Sweden has changed its electricity mix target from “100% renewable” to “100% fossil-free,” paving the way for new nuclear reactors to be built, news agencies reported. Sweden is among the large group of European Union (EU) countries that have joined France’s informal pro-nuclear bloc.
Swedish Finance Minister Elisabeth Svantesson has told the parliament that this “creates conditions for nuclear power,” adding that the country “needs clean electricity and a stable energy system.”
New nuclear reactors seem necessary for reaching net zero by 2045
Sweden decided to phase out nuclear power 40 years ago, but new capacities now seem necessary for meeting the country’s expected doubling of annual electricity demand, to some 300 TWh by 2040, as well as its target to reach net zero emissions by 2045.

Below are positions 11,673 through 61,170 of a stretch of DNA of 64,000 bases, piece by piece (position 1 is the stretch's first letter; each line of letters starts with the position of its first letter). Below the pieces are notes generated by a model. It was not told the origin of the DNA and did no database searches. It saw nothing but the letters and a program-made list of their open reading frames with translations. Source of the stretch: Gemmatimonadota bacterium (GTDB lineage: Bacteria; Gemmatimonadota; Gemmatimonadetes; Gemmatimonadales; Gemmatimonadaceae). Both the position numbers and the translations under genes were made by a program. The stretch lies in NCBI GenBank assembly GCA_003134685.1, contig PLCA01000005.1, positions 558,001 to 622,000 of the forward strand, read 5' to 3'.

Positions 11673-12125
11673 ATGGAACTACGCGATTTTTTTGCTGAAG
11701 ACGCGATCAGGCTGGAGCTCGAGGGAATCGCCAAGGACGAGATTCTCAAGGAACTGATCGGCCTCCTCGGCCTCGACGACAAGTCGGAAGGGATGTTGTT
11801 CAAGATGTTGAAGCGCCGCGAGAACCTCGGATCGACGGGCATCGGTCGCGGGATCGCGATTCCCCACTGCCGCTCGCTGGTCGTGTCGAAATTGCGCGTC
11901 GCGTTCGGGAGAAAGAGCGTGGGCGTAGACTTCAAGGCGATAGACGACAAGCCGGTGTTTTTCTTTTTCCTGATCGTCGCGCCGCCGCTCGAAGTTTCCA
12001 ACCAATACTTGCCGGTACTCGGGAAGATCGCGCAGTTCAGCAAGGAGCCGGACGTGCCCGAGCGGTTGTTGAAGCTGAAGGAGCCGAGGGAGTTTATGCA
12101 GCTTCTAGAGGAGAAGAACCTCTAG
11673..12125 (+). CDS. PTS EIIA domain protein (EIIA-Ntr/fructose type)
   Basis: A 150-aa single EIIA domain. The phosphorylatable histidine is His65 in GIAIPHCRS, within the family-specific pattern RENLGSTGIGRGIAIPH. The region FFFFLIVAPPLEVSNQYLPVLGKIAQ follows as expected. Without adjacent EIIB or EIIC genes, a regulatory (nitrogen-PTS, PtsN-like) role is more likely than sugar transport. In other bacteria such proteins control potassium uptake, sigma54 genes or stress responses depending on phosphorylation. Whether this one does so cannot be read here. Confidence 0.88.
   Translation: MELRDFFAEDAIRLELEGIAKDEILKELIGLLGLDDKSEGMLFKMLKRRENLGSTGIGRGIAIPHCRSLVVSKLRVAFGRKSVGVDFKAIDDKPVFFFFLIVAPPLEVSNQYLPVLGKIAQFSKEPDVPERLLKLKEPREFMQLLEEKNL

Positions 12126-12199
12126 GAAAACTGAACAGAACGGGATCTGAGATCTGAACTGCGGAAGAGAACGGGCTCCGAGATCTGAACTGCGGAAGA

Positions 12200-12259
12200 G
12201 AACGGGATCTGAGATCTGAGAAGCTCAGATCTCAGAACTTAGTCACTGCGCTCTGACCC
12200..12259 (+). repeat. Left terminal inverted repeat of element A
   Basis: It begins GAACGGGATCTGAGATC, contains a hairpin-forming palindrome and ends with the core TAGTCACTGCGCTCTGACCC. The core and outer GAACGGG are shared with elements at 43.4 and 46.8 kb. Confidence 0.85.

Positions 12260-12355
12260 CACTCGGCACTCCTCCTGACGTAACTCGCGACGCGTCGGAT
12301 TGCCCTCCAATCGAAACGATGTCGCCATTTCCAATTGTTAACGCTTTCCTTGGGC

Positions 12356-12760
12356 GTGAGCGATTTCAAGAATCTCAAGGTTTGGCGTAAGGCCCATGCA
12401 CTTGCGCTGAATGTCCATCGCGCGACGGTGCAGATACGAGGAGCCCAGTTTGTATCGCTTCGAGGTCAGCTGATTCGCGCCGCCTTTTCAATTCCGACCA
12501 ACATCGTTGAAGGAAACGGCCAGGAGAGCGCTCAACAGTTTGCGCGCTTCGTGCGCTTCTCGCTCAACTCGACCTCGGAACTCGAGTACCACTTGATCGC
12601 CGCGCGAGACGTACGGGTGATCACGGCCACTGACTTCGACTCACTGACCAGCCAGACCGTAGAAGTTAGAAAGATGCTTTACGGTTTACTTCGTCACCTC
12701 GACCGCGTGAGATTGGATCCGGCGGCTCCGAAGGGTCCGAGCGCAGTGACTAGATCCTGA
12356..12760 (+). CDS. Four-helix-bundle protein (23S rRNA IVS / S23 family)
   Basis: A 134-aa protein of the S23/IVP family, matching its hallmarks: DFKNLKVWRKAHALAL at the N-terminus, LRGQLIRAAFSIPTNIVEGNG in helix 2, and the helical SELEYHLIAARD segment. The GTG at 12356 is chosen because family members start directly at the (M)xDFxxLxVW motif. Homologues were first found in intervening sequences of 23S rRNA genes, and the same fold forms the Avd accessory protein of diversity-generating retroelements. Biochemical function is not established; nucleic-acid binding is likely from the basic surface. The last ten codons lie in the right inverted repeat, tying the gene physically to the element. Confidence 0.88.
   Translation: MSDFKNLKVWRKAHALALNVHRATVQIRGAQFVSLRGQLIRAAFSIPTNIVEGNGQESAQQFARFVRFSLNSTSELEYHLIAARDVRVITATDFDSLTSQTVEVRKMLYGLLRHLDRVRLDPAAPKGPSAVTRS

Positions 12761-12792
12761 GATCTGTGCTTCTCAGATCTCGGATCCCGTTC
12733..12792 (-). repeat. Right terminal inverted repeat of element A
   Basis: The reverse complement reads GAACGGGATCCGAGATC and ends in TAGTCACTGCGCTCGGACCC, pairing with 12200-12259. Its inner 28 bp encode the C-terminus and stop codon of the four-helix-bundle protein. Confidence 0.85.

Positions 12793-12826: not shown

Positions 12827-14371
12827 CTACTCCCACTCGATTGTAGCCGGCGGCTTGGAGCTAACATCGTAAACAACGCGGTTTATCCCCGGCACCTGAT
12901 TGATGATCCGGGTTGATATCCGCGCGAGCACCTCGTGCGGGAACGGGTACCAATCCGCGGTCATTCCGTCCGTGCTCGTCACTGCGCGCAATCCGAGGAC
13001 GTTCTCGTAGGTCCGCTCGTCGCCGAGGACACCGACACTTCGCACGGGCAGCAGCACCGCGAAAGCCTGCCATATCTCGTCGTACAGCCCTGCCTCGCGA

In this way, the country is making a similar U-turn as Italy, which rejected the return to nuclear power at a referendum in 2011, in the wake of the Fukushima disaster in Japan, but now has plans to build new reactors.
Sweden has now made a U-turn on nuclear similar to Italy’s
Sweden’s state-owned power and heat utility Vattenfall is considering building at least two small modular reactors (SMR) and extending the life of existing reactors, according to reports.
Currently, around 98% of electricity in Sweden is generated from hydropower, nuclear energy, and wind.
Romania, Bulgaria also plan new nuclear capacity, as Germany stays adamant
Nuclear power is making a comeback in Southeastern Europe as well, with Bulgaria announcing a new unit at the Kozloduy nuclear power plant and Romania’s state-owned Nuclearelectrica working on a project to install SMRs.
Germany, on the other hand, refused to reconsider the shutdown of its last reactors, while Austria and Luxembourg fiercely oppose nuclear power as well.